I am trying to plan a family trip for our 3 young kids (ages 7, 5, and 2) that is close to lots of great cycling routes (road biking and mountain biking) for my husband to enjoy. We will spend most of the time in Switzerland (I want to really focus on the Berner Overland area), with maybe some time in Italy and France as well. Because we have young kids I am hoping to avoid moving to a new hotel every day, but it seems like the great rides are spread out, and I get kind of overwhelmed by the options. Does anyone have any experience with a trip like this, or any specific advice?
Taryn, Switzerland is very cycle-friendly. There are lots of cycle routes, both national and local, which allow you to traverse the whole country without being bothered by "nasty smelly noisy fuel burning metal boxes".
Start your research with the official website here: http://www.veloland.ch/en/veloland.html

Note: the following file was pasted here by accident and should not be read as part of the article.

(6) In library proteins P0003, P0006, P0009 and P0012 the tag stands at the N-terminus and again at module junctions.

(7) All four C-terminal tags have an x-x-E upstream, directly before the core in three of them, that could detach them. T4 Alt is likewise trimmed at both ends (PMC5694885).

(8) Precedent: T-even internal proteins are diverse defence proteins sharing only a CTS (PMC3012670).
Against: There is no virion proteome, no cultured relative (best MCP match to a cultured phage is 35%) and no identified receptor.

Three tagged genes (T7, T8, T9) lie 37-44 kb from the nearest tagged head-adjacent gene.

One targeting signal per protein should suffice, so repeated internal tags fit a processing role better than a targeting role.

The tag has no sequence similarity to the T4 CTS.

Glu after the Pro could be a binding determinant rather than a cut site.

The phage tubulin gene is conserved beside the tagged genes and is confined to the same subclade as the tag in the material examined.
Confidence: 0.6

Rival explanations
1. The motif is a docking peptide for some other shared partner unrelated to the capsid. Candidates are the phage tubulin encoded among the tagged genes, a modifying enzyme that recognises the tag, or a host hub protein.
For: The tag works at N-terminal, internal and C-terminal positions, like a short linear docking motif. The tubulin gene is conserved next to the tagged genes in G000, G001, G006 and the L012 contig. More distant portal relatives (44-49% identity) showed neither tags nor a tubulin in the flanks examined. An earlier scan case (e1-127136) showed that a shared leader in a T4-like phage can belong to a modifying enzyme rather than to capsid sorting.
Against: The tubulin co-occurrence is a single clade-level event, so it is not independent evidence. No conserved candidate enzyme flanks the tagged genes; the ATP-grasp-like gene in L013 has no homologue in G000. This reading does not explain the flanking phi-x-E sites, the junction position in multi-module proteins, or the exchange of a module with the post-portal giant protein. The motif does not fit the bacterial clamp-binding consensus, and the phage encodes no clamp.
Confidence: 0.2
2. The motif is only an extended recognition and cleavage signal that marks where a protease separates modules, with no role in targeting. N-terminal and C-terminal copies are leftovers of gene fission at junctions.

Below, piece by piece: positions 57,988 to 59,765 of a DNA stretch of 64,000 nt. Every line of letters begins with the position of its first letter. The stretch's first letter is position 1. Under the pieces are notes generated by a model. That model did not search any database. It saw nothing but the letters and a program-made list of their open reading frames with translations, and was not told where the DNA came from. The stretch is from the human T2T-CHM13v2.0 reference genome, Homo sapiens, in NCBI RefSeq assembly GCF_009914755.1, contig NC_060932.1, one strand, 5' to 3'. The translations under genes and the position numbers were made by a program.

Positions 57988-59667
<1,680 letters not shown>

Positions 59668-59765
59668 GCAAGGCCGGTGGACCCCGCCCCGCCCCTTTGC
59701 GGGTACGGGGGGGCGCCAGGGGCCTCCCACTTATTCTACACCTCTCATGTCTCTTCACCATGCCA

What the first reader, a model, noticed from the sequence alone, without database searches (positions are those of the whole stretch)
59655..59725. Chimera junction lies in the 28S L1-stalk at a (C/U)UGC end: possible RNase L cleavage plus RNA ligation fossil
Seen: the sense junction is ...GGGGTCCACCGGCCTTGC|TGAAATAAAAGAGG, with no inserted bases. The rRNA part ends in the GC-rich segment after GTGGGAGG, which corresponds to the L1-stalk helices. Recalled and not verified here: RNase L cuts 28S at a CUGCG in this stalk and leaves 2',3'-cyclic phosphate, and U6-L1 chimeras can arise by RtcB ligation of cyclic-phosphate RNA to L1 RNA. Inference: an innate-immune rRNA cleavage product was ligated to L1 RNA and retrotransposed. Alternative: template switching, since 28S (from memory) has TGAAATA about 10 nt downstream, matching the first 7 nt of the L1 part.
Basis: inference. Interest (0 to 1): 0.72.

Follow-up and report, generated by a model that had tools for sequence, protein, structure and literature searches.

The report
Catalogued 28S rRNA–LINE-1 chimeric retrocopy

Cycle routes in the country are often off-road, and shared with walkers and horses. For example, in a valley, the road may go along one side of the river, and the cycle and footpath along the other side of the river.
Cycle-friendly also applies in towns. One-way streets and pedestrian areas are designed to stop cars going through the middle of towns, but usually bikes are allowed. Most urban one-way streets allow bicycles in both directions, so cyclists can take the direct route through the centre, but cars can't.
See this road sign here: http://blog.veloplus.ch/wp-content/uploads/2016/01/verkehrsregeln_teaser.jpg
This is a "no entry" at the wrong end of a one-way street, but "gestattet" = permitted, i.e. bikes are allowed to go down the street. At the other end of the street you get a sign like this: http://www.med-etc.com/v/verkehrszeichen-CH/hinweissignal005-einbahnstrasse-geradeaus-m-velogegenverkehr.png
One way street (blue sign with arrow), but a warning triangle underneath saying it is 2-way for cycle.
Trains all allow bikes on board. And, supermarkets in urban areas, including my local supermarket, do not have car parks. But, they are usually located near public transport, and do have bike parking racks.